18
Communication Network Problems
  • Is the network connected?
  • Can we communicate between every pair of cities?
  • Find the components.
  • Want to construct smallest number of feasible
    links so that resulting network is connected.

19
Cycles And Connectedness
  • Removal of an edge that is on a cycle does not
    affect connectedness.

20
Cycles And Connectedness
2
3
8
1
10
4
5
9
11
6
7
  • Connected subgraph with all vertices and minimum
    number of edges has no cycles.

21
Tree
  • Connected graph that has no cycles.
  • n vertex connected graph with n-1 edges.
  • A connected graph in which removal of any edge
    makes it unconnected.
  • An cyclic graph in which addition of any edges
    introduces a cycle.

22
Spanning Tree
  • Subgraph that includes all vertices of the
    original graph.
  • Subgraph is a tree.
  • If original graph has n vertices, the spanning
    tree has n vertices and n-1 edges.

23
Minimum Cost Spanning Tree
  • Tree cost is sum of edge weights/costs.

24
A Spanning Tree
2
3
4
8
8
1
10
6
2
4
5
4
4
3
5
9
11
8
5
6
2
7
6
7
  • Spanning tree cost 51.

25
Minimum Cost Spanning Tree
2
3
4
8
8
1
10
6
2
4
5
4
4
3
5
9
11
8
5
6
2
7
6
7
  • Spanning tree cost 41.

26
Graph Representation
  • Adjacency Matrix
  • Adjacency Lists
  • Linked Adjacency Lists
  • Array Adjacency Lists

27
Adjacency Matrix
  • 0/1 n x n matrix, where n of vertices
  • Ai,j 1 iff (i,j) is an edge

0
1
0
1
0
1
0
0
0
1
0
0
0
0
1
1
0
0
0
1
0
1
1
1
0
28
Adjacency Matrix Properties
  • Diagonal entries are zero.
  • Adjacency matrix of an undirected graph is
    symmetric.
  • A(i,j) A(j,i) for all i and j.

29
Adjacency Matrix (Digraph)
  • Diagonal entries are zero.
  • Adjacency matrix of a digraph need not be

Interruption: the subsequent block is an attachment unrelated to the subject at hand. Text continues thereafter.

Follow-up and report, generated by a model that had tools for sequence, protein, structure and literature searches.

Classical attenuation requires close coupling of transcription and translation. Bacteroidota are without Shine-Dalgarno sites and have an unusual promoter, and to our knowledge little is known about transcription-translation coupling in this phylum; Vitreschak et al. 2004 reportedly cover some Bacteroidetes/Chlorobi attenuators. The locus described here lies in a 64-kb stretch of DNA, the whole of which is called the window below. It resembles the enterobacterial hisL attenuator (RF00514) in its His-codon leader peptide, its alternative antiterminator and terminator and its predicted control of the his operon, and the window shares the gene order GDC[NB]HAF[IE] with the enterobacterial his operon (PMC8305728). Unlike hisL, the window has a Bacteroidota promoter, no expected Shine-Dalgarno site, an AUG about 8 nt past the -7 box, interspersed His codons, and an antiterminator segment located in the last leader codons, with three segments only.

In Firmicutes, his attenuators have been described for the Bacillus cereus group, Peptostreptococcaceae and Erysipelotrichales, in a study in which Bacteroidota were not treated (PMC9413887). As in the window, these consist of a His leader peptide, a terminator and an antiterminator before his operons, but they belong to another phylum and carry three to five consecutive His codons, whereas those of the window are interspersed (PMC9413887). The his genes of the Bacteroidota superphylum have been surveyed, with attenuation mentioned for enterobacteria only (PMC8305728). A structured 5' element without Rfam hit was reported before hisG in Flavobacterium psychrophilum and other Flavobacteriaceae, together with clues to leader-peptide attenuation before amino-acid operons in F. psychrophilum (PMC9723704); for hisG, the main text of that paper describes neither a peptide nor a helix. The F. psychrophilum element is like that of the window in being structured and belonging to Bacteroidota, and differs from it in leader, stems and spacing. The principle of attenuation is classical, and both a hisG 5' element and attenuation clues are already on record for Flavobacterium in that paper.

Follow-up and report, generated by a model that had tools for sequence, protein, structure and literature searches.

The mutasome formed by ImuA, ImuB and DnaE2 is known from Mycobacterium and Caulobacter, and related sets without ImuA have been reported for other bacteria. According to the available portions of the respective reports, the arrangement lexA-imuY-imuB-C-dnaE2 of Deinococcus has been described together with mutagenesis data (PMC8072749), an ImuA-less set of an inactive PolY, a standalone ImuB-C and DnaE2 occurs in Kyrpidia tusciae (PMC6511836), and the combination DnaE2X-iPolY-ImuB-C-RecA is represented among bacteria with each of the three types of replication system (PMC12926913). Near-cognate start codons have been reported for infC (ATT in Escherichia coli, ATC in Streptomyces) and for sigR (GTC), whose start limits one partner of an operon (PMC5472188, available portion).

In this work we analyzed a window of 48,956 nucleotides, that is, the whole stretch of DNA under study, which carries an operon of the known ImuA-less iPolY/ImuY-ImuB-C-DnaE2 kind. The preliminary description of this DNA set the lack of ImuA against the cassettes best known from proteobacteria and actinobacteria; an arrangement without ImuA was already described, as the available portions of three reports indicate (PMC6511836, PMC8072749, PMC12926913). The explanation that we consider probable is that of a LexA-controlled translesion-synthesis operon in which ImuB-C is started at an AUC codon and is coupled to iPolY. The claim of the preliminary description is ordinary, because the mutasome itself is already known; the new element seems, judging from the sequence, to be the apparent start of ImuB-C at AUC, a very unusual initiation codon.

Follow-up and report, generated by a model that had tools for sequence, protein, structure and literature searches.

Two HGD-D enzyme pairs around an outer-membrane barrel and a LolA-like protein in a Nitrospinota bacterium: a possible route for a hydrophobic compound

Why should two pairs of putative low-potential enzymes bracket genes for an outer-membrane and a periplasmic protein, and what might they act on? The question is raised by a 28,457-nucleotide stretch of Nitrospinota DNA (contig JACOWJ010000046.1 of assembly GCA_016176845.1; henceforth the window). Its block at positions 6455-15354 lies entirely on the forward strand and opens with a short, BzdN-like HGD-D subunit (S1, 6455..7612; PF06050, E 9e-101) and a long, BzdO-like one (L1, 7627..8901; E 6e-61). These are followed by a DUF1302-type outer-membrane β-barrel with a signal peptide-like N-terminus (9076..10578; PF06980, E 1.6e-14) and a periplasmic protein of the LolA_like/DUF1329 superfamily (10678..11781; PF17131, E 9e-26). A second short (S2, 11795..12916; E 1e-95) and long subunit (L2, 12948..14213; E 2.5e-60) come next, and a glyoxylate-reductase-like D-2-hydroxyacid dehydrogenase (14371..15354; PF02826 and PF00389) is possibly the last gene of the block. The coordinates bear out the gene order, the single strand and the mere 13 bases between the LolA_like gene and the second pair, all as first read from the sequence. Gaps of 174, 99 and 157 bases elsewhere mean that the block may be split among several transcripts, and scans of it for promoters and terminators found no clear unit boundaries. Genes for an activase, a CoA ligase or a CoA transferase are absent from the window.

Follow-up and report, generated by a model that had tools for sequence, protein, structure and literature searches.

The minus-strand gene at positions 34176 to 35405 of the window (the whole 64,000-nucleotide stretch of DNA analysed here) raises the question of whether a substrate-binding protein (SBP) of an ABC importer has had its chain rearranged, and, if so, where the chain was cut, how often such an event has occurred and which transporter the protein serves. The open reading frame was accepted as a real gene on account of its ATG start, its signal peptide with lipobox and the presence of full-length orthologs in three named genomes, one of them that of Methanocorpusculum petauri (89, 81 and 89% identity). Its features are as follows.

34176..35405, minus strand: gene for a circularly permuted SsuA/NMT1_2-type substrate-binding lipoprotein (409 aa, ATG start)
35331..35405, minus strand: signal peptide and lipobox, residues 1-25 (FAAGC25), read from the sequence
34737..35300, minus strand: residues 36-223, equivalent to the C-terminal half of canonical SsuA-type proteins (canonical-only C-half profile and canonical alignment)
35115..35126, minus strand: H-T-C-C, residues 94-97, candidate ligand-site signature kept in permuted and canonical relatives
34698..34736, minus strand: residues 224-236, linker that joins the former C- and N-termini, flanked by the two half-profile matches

symmetric.

30
Adjacency Matrix
  • n2 bits of space
  • For an undirected graph, may store only lower or
    upper triangle (exclude diagonal).
  • (n-1)n/2 bits
  • O(n) time to find vertex degree and/or vertices
    adjacent to a given vertex.
  • O(1) time to determine if there is an edge
    between two given vertices.

31
Adjacency Lists
  • Adjacency list for vertex i is a linear list of
    vertices adjacent from vertex i.
  • An array of n adjacency lists.

aList1 (2,4) aList2 (1,5) aList3
(5) aList4 (5,1) aList5 (2,4,3)
32
Linked Adjacency Lists
  • Each adjacency list is a chain.

Array Length n of chain nodes 2e
(undirected graph) of chain nodes e (digraph)
33
Weighted Graphs
  • Cost adjacency matrix.
  • C(i,j) cost of edge (i,j)
  • Adjacency lists gt each list element is a pair
    (adjacent vertex, edge weight)

34
Single-source Shortest path problem
  • directed, weighted graph is the input
  • specified source s.
  • want to compute the shortest path from s to all
    the vertices.

35
Example
36
  • Dijkstras algorithm
  • Works when there are no negative weight edges.
  • takes time O(e log n) where e number of edges,
    n number of vertices.
  • suppose n 105, e 106, then the number of
    computations 2 x 107

37
  • Data structures needed
  • Adjacency list rep. of graph
  • a heap
  • some additional structures (e.g. array)

.
38
key operation relaxation on edge
For each node v, the algorithm assigns a value
dv which gets updated and will in the end
become the length of the shortest path from s to
v.
39
implementation of relaxation
40
Dijkstras algorithm
41
Dijkstras algorithm Example